Law Society CEO appointed to Aboriginal Justice Advisory Group

Posted: 09/19/2014

 

Robert Lapper, CEO

Law Society CEO, Robert G.W. Lapper Q.C., was appointed yesterday by Attorney General Madeleine Meilleur to a high-profile advisory group tasked with examining issues affecting Aboriginal peoples in the justice system and advising the government on how the system may be improved.

“I am greatly honoured to be part of the Aboriginal Justice Advisory Group,” says Lapper. “Early in my legal career, I began to recognize the unique issues faced by First Nations and Metis individuals and communities seeking justice. In my various capacities, including as CEO of the Law Society, I have made addressing barriers to achieving justice for Aboriginal peoples a priority and I am very pleased to have this opportunity to work with such a dedicated and esteemed group of colleagues, and the Ontario government, on improving access to justice for Aboriginal peoples.”

The Aboriginal Justice Advisory Group is co-chaired by Ogichidaa (Grand Chief) Warren White, Grand Council Treaty #3, and Murray Segal, former Deputy Attorney General of Ontario.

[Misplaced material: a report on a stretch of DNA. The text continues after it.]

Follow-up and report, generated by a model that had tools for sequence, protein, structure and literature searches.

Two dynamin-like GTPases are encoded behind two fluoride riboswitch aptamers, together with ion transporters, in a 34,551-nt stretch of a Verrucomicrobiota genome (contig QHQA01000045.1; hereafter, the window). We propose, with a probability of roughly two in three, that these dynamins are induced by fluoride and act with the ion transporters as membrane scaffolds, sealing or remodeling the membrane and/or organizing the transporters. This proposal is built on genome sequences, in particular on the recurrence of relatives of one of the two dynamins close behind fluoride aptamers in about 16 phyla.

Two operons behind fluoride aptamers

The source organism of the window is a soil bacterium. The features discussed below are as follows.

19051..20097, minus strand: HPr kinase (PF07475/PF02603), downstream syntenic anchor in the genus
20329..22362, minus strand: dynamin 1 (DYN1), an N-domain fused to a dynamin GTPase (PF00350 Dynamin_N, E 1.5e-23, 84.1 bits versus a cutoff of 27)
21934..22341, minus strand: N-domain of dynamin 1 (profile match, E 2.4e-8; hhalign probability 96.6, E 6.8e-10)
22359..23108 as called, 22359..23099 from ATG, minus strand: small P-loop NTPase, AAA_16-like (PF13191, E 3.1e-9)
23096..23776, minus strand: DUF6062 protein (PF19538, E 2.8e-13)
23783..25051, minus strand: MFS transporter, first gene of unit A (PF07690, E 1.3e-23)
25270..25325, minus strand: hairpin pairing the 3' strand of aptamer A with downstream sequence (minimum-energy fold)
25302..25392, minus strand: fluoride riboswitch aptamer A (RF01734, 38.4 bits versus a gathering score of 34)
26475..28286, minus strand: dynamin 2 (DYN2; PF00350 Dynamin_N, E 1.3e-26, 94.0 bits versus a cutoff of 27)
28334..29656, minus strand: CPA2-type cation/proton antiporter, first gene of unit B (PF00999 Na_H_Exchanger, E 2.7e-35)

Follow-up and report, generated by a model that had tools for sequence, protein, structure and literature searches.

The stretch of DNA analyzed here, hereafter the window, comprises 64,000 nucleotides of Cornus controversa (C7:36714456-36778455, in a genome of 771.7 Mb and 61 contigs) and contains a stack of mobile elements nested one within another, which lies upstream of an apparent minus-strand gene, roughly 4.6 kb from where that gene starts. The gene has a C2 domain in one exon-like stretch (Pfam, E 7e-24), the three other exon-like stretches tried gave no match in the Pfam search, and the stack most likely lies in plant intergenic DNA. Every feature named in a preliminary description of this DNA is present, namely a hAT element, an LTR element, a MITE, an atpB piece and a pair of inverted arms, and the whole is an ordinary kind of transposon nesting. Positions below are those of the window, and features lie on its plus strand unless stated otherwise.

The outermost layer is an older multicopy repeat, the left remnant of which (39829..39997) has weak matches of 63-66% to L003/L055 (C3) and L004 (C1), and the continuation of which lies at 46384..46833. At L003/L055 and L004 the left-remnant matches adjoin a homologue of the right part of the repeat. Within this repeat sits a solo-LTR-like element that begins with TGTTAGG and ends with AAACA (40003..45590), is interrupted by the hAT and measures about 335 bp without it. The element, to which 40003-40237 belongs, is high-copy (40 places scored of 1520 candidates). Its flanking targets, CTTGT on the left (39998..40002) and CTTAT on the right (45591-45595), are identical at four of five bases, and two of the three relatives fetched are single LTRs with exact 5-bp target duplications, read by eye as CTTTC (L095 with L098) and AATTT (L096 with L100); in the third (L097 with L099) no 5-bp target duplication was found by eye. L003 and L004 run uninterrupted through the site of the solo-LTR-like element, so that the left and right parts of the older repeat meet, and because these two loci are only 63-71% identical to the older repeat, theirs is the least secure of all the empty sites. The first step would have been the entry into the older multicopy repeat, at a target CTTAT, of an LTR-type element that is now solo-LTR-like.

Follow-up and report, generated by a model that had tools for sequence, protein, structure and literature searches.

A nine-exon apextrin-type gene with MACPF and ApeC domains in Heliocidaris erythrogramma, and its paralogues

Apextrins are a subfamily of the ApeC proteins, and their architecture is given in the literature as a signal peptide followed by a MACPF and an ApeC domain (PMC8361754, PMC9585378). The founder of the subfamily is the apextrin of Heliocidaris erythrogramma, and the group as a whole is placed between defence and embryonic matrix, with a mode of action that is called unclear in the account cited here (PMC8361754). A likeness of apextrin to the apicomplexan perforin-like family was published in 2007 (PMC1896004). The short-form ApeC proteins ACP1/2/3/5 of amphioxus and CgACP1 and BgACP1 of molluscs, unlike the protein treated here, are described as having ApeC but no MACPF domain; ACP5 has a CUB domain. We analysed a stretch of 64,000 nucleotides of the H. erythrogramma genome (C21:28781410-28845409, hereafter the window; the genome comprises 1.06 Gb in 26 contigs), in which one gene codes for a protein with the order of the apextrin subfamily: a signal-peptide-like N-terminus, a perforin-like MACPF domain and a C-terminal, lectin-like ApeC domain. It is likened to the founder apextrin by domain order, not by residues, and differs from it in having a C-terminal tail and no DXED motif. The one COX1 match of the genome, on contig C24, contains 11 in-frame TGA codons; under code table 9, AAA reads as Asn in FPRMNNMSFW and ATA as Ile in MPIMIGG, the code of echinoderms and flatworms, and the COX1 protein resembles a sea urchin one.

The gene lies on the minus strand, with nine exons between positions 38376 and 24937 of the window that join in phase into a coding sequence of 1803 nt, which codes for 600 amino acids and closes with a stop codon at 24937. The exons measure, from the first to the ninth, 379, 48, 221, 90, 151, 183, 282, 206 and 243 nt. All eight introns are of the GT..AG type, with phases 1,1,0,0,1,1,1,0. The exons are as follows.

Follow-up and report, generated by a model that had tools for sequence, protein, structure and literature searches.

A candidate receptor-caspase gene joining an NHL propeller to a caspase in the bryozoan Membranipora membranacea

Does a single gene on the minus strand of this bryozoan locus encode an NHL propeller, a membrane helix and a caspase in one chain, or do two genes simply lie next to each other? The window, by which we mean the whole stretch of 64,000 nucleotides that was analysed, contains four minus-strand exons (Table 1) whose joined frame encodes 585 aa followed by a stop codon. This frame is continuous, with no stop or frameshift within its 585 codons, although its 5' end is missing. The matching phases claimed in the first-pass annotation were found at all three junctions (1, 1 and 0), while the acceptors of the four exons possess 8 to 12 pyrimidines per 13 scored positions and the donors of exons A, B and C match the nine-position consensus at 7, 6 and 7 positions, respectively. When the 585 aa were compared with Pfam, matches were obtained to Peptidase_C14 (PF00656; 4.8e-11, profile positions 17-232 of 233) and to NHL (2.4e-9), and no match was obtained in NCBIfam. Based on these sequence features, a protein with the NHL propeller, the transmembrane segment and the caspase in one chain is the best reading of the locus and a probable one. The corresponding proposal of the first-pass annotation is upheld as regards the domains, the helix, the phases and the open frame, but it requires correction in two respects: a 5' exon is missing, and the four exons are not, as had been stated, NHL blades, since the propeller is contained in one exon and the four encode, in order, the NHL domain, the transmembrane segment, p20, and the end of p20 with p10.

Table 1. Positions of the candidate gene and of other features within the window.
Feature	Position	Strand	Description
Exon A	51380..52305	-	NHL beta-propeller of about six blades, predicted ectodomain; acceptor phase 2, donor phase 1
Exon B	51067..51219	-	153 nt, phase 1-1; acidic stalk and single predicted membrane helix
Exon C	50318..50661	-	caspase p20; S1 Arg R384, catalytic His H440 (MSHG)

The advisory group was established as part of the implementation of the recommendations of former Supreme Court Justice Frank Iacobucci in his report, First Nations Representation on Ontario Juries.

The Law Society places a priority upon Aboriginal issues and Robert Lapper’s participation in the advisory group will inform its ongoing work.

Under the newly launched TAG-The Action Group on Access to Justice, the Law Society will work with Aboriginal communities and its leadership, the justice sector and others to develop solutions to address the barriers to justice faced by First Nations and Metis peoples.

The Law Society is also developing options for renewing its Aboriginal initiatives strategy after the successful implementation of the recommendations from its 2009 Aboriginal Bar Consultation Report. This report identified initiatives that the Law Society could undertake to support Aboriginal lawyers, and now paralegals, to enhance their retention in the legal profession.